It’s cutting edge and it’s growing quickly. Here’s what you need to know about the Augmented and Virtual Reality industry.
12 things you should know about AR/VR
The Digital Catapult estimates that the AR/VR market in the UK will be worth £1.2 billion by 2020. Experts in the industry say it has the potential to spawn a multi billion-dollar industry, and be as game changing as the advent of the PC. Here are 12 key things you should know about the sector.
- Globally the industry is expanding at a rapid rate, with 300% investment growth from 2015 to 2016 identified in the Realities Centre immersive sector investments trends analysis. GrowthEnabler’s 2016 Market Pulse report predicts the revenue for AR/VR technologies will continue to grow by over 100% annually for the next four to five years.
- In the UK, companies like Blippar, Improbable and nDreams are the big players and attracting notable funding, with Blippar’s £71.5 million investment making it one of the UK’s best funded start-ups last year.
- But outside the attention-grabbing deals, private and venture capital investment in this sector is ‘extremely patchy’ says Shaun Beaney, manager of the Corporate Finance Faculty at ICAEW. That’s the bad news. The good news is that it’s starting to heat up.
- The sector in the UK is young and still very fragmented. Dave Haynes, investment director at Seedcamp, an early-stage micro seed investment fund and mentoring programme, says there is a need for an angel network or syndicate in this space that understands the AR/VR market.
- With a small investment pool, companies need to think strategically and look at the industries that will be disrupted by AR/VR products in development. Affected sectors may be keen to invest to be part of the change. Fiona Kilkelly, head of creative industries and Immerse UK lead at the Knowledge Transfer Network, points to the competitions run by Innovate UK and KTN to drive innovation. She advises speaking to the team at KTN to find out how to make the most of the opportunities, which may come from within businesses or from research councils.
- The industry is London-centric. In a recent survey carried out by PricewaterhouseCoopers, London was the number one location for AR/VR companies, with 168 small or medium sized businesses located in the capital. Joint second on the list were Bristol and Manchester, with 15 companies each.
- Finance is not the only route to success for fledging AR/VR companies. Other opportunities to develop early business ideas, such as mentoring schemes, skills workshops and shared workspaces to pool ideas and resources can be key enablers of future success.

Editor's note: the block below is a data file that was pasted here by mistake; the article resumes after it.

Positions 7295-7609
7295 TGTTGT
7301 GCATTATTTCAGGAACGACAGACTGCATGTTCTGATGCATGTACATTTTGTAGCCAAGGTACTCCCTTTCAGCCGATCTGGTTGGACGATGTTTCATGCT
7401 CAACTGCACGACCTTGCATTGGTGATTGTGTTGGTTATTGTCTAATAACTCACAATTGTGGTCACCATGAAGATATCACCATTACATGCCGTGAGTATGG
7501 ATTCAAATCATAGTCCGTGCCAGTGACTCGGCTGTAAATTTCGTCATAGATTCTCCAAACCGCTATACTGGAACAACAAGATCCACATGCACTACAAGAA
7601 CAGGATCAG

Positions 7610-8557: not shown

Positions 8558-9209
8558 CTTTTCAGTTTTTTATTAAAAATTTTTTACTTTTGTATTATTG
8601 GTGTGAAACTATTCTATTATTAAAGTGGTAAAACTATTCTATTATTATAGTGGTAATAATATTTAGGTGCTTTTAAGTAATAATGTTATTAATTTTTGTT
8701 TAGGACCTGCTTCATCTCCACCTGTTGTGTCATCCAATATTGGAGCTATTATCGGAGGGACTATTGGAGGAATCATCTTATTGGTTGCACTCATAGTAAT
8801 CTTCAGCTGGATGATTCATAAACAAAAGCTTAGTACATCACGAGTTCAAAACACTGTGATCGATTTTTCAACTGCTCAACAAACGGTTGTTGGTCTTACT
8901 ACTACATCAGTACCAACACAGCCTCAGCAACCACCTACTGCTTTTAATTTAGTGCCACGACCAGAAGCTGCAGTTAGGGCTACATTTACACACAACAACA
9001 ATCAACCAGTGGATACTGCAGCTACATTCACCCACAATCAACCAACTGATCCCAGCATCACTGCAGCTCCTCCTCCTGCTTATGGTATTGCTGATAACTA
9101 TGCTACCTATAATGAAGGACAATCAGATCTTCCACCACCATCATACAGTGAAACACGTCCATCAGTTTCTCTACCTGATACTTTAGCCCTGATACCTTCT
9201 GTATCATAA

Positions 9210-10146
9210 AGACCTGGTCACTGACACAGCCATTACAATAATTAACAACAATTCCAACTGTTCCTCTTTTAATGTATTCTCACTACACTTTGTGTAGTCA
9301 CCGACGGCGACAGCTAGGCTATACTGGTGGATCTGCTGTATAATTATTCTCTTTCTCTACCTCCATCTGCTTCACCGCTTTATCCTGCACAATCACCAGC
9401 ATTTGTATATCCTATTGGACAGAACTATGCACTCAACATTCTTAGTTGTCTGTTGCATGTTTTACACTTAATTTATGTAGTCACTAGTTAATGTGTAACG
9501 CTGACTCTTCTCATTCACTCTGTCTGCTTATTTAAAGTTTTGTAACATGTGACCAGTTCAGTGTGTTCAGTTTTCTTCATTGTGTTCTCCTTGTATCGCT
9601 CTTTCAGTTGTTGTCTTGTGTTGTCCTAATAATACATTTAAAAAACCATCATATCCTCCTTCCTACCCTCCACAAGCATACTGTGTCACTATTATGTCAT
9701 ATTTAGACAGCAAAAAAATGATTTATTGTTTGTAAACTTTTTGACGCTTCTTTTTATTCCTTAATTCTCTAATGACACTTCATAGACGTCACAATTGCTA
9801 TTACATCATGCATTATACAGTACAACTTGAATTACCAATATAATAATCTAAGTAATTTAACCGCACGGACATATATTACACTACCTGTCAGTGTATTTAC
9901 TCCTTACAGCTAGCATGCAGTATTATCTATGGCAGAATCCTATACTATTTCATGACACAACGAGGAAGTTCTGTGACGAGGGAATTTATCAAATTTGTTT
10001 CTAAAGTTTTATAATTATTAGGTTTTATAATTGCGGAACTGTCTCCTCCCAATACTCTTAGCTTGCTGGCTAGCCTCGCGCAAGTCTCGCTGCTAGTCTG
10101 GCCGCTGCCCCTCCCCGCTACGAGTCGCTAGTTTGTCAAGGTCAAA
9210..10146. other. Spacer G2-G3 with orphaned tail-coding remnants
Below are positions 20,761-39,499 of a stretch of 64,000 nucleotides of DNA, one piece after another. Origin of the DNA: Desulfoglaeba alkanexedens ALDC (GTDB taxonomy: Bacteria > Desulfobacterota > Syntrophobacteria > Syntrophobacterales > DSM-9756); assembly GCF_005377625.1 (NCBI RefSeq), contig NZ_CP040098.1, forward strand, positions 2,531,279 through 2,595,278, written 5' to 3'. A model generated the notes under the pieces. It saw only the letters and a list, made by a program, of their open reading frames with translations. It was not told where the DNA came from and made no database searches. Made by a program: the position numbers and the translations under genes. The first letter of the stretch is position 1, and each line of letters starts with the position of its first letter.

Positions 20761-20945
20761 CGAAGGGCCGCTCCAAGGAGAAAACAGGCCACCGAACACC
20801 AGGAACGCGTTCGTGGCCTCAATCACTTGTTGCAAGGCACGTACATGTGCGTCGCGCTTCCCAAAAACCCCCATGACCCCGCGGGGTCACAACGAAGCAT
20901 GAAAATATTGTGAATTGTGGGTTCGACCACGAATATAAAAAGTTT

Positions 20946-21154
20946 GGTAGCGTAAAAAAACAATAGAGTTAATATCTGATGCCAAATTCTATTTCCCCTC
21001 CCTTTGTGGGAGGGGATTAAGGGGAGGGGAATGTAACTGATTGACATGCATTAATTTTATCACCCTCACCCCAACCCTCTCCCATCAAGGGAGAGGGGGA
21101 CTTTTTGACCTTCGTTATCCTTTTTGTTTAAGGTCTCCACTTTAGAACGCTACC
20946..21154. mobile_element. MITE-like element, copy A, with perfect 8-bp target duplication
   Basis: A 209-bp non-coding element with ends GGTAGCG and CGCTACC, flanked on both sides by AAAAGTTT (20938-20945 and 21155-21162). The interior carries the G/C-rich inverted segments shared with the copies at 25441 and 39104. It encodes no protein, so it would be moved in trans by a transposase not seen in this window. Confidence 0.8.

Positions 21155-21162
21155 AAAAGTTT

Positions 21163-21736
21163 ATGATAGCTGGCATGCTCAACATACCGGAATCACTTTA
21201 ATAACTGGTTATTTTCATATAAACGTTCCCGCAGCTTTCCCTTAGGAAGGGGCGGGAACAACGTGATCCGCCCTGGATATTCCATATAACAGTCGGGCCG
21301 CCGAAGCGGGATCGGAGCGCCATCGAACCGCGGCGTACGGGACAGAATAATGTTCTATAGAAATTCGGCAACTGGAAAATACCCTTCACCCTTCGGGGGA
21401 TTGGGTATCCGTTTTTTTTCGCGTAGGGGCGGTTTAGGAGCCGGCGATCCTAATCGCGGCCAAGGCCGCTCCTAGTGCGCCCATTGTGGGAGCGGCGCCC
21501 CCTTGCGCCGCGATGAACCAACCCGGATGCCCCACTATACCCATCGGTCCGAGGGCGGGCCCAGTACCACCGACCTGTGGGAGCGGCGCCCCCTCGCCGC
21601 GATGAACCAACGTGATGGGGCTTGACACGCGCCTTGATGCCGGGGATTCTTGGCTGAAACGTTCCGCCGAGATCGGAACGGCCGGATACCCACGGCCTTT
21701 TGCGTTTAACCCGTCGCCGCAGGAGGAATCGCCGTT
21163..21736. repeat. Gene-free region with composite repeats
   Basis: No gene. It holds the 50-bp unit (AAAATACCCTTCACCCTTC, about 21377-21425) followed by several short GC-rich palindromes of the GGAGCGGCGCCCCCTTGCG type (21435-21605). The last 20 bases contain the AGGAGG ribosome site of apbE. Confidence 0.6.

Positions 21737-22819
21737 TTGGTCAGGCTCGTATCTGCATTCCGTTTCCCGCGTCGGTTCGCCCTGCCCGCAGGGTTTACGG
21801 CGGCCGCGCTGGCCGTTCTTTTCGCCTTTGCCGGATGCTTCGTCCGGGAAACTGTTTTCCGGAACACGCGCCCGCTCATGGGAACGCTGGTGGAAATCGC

- Investor education is important. ‘There is a perception that the industry is hot’, says Aftab Malhotra, GrowthEnabler co-founder. “But many investors don’t really understand what the industry is or what it can do. There is a need to show venture capitalists what is happening in this market and to help them understand the potential, which will encourage investment.”
- The right mindset is fundamental to succeed. Dave Haynes from Seedcamp gives an example. “Nine months ago, I was talking to somebody in the UK about his VR project. He had already raised some money, but was working full-time, and could only develop his idea outside his day job. Around the same time, I came into contact with somebody in the US who had a similar idea, though not as well developed. He threw himself into the project and two months later, he had landed a $2.5 million investment.”
- Companies don’t have to move to the US to attract funding. There is a desire among AR/VR start-ups to go there, explains Jeremy Dalton, AR/VR lead at PwC, because of a perceived lack of funding for the sector in the UK. But the UK has a valuable eco-system that is not available in the US, particularly around cross-sector collaboration and R&D opportunities. ImmerseUK exists to facilitate the exchange of ideas across all industries disrupted by AR/VR.
- There are benefits to playing in a smaller space. While there is undoubtedly a bigger capital market in the US, nascency can have its own advantages, says Aftab Malhotra. In a smaller space, you have the potential to shine, to set yourself apart and stand out.
- There are several funders investing in this sector right now. The list includes Mercia Technologies (investors in nDreams), Seedcamp (TheWaveVR and Splash), Woodford Investment Management (Ultrahaptics), Hargreave Hale (Zappar), and Lansdowne Partners (Blippar).